Other pollutants, however, have a cooling effect. Tiny particles of dust, soot, and other matter that are spewed by vehicles and factories shield parts of Earth from the Sun. Unlike greenhouse gases, they reflect more energy than they absorb. Although these particles can mitigate the impact of greenhouse gases, they can’t offset it. Sulfates and other aerosols remain in the atmosphere for just a few days, and they affect only a limited area near the pollution source. Greenhouse gases, in contrast, remain aloft for years and are distributed around the globe. Computer models at NCAR and other research institutions indicate that, on a global average, sulfates and other particles cause about half as much cooling as greenhouse gases cause warming.
In addition to an increase in temperatures, we may be in for other climate changes. Research by climatologists at NCAR and elsewhere points to more severe droughts, interrupted by heavy storms and flooding. Such extreme events would force changes in farming methods and in the ways that cities handle storm runoff. Pollution also can suppress rainfall, and some research indicates it is reducing the monsoon-driven rainfall so vital for survival on the Indian subcontinent.
Trees play an important role in the climate system by storing carbon.
Unfortunately, pollution is creating two ozone-related problems:
Concerns over the first of these problems crystallized in the mid-1980s when a team of British scientists found an “ozone hole” in the stratosphere that occurred over the Antarctic during the Southern Hemisphere spring. As much as 70% of the continent’s stratospheric ozone was depleted for weeks at a time. Subsequent research has shown significant loss of stratospheric ozone over the high latitudes in the Northern Hemisphere. While less regular and dramatic than the Antarctic depletion, the Arctic ozone loss is still a cause for concern.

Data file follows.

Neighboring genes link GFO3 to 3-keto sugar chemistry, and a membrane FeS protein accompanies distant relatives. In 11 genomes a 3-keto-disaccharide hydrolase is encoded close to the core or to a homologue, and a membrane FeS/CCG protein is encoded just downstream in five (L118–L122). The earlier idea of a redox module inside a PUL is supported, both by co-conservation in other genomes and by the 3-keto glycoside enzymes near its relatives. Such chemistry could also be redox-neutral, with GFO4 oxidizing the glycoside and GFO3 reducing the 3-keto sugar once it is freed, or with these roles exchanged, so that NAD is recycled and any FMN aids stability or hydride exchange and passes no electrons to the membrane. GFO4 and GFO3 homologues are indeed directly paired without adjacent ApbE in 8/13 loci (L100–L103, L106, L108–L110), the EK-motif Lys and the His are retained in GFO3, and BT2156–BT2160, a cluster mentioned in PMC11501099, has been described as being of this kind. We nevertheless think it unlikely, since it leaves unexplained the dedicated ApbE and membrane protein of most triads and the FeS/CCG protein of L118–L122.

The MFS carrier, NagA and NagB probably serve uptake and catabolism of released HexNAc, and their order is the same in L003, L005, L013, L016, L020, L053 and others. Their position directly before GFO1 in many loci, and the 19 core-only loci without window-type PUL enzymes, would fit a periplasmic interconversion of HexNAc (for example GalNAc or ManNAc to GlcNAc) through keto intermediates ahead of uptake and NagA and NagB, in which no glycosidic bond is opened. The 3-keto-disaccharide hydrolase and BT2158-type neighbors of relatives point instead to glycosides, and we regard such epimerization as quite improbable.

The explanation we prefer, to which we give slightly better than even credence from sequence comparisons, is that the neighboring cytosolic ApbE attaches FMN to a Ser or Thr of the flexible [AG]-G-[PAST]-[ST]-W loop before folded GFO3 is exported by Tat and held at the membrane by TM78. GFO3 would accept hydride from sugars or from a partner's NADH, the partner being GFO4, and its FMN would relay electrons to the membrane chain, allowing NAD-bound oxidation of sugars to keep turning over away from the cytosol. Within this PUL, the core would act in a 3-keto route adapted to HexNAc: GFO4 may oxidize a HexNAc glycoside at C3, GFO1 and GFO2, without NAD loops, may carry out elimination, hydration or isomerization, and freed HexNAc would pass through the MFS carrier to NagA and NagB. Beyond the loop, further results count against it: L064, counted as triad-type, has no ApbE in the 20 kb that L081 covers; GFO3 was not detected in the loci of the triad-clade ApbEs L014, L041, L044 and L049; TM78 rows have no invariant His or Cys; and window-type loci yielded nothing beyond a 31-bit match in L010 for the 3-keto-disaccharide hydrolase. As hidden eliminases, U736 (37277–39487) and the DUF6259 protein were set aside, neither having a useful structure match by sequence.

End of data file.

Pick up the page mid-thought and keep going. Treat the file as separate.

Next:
The main culprit behind ozone depletion is the emission of chlorofluorocarbons, which are used for refrigeration and a variety of industrial applications. Beginning in 1987, the international community has taken steps to reduce and eventually end the use of CFCs, which should lead to a restoration of stratospheric ozone levels by 2100.
What about ground-level ozone? This pollutant is difficult to regulate, partly because it is not emitted directly into the air. Instead, it forms in the atmosphere when nitrogen oxides and volatile organic compounds react in the presence of sunlight. Thousands of sources contribute to ground-level ozone, including motor vehicle exhaust and chemical solvents. Emissions from natural sources also play a role. NCAR scientists study how emissions from such natural sources as trees and lightning interact and contribute to ozone levels in the lower atmosphere.
Ground-level ozone is one of the most harmful forms of pollution, causing respiratory problems and damaging plants. An important research focus at NCAR is determining how atmospheric processes lead to the formation of ozone, even in relatively pristine regions. NCAR scientists investigating ground-level ozone fluctuations in the Arctic have determined that photochemical reactions—chemical changes in the presence of sunlight—are largely responsible for springtime peaks of the gas, although seasonal intrusions downward of ozone-rich air from the stratosphere also play a role. Such information will lead to better understanding of this important pollutant and potentially assist in efforts to reduce it.
This diagram shows the physical phenomena and observing systems present at various heights in the atmosphere. At left is the height axis (kilometers on the left, miles on the right). At right is the temperature at various heights (Celsius on the left, Fahrenheit on the right). The color of the vertical bar shows cooling as one ascends through the troposphere and warming in an ascent through the stratosphere. High-flying planes are found near the tropopause, the cold, dry boundary region between the troposphere and stratosphere. Ozone is most concentrated in the lower stratosphere (bottom left).